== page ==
Dealing With Gambling Disorders

Most adults have placed some type of bet, but only a subset develops gambling disorder — defined in the Diagnostic and Statistical Manual of Mental Disorders as a recurrent pattern of gambling that causes significant distress or impairment. People with gambling disorders often feel depressed, anxious or guilty and may lie to others about their gambling. They are often secretive and might hide money or possessions to conceal the extent of their addiction.

People with gambling disorders often seek relief from unpleasant feelings in unhealthy ways. They might eat to relieve boredom or turn to drugs or alcohol to self-soothe mood swings. Ultimately, they may gamble to try to win back lost money. Those with gambling disorders tend to be more vulnerable than other gamblers because of their low incomes, with men and young people being particularly susceptible.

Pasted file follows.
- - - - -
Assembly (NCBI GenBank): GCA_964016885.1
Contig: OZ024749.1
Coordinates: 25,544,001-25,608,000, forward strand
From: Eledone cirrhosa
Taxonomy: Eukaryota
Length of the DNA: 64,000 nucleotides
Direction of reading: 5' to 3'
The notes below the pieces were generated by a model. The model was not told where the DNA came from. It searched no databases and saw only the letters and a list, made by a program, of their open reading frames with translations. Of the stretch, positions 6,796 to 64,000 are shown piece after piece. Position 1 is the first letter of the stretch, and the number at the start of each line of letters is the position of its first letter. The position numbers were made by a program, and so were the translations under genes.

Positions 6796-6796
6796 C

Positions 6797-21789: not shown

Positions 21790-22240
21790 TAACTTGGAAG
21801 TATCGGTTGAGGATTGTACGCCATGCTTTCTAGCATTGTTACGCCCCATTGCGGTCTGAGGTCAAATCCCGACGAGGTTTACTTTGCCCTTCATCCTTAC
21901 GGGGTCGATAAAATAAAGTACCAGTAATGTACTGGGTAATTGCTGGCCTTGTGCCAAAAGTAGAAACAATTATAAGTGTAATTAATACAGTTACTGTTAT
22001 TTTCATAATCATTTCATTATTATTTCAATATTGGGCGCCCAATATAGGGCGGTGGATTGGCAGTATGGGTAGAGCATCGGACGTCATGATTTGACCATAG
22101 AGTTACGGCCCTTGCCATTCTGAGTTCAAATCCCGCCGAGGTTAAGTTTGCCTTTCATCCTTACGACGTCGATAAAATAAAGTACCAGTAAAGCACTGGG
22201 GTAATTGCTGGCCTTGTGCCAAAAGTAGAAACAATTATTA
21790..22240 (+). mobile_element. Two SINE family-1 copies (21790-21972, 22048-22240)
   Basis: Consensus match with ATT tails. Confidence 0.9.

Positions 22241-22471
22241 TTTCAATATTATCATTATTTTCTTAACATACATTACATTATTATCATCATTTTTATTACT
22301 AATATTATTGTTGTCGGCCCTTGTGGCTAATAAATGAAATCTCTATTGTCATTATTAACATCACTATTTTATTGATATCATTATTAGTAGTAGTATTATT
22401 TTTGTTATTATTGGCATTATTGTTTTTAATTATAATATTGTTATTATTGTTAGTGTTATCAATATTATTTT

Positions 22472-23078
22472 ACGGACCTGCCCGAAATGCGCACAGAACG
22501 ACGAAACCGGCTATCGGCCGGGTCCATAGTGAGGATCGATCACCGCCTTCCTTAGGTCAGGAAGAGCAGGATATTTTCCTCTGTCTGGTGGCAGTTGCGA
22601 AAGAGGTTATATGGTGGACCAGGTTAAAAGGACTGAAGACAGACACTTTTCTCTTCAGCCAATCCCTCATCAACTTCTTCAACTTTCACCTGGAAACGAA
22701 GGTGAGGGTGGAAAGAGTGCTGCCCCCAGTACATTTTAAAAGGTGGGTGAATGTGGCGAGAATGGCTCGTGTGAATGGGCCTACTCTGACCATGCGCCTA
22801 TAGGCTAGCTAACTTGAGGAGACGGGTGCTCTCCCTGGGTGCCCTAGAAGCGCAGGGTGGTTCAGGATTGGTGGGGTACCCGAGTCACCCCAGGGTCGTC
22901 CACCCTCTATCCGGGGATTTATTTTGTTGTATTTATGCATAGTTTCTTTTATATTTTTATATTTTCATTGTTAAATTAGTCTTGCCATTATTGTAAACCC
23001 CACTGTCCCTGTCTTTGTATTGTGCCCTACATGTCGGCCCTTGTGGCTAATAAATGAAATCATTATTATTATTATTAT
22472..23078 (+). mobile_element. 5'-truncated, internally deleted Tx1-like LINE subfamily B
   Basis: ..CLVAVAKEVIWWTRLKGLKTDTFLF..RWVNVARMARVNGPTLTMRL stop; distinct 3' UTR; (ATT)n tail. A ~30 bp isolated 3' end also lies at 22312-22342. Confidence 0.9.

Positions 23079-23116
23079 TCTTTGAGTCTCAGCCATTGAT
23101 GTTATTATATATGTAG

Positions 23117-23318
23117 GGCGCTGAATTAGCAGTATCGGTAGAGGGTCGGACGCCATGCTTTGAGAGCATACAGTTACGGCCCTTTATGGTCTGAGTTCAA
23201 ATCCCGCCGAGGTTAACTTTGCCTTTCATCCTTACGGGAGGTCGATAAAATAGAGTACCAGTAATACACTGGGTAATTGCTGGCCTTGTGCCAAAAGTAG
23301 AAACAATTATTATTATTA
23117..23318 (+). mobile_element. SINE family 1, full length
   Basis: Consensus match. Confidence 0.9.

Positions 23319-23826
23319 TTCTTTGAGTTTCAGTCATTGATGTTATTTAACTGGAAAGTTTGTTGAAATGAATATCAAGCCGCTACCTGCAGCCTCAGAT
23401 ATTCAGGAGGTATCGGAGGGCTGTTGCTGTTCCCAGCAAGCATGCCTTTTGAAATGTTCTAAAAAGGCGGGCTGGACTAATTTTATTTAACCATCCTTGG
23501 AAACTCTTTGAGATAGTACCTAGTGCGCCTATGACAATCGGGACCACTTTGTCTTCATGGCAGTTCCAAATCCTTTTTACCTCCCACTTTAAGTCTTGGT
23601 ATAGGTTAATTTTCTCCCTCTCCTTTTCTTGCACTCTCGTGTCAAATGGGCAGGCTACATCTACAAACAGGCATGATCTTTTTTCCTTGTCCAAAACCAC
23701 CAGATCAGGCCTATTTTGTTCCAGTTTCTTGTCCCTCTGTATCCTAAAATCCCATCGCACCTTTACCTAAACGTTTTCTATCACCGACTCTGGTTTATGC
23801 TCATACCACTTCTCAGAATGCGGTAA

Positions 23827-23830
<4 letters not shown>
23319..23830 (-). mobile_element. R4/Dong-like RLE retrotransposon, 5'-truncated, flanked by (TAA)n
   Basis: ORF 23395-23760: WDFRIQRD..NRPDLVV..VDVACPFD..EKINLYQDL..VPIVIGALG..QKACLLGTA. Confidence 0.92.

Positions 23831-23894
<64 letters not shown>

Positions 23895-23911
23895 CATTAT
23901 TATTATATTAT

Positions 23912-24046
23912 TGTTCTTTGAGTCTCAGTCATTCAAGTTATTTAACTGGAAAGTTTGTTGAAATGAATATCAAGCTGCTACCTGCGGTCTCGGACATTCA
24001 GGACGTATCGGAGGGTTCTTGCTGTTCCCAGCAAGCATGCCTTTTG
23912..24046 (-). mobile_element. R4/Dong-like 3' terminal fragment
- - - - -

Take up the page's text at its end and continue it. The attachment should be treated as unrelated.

Bringing up the subject of gambling in a positive, supportive way can help. Be aware that some people with a gambling problem might respond defensively and become argumentative, so you should approach the subject in a calm and caring manner. Some people might also be uncomfortable talking about their gambling, so it is important to find a private and distraction-free space to talk.

It can be difficult to cope with a loved one’s gambling problems, especially when they cause stress in the relationship or threaten financial security. You can help by managing family finances until the person stops gambling, opening bank accounts that require signatures to withdraw funds and putting valuables in a safe deposit box. You can also help by spending time with friends who don’t gamble and engaging in healthy stress-relieving activities, such as meditation or exercise.

Posted in: Gambling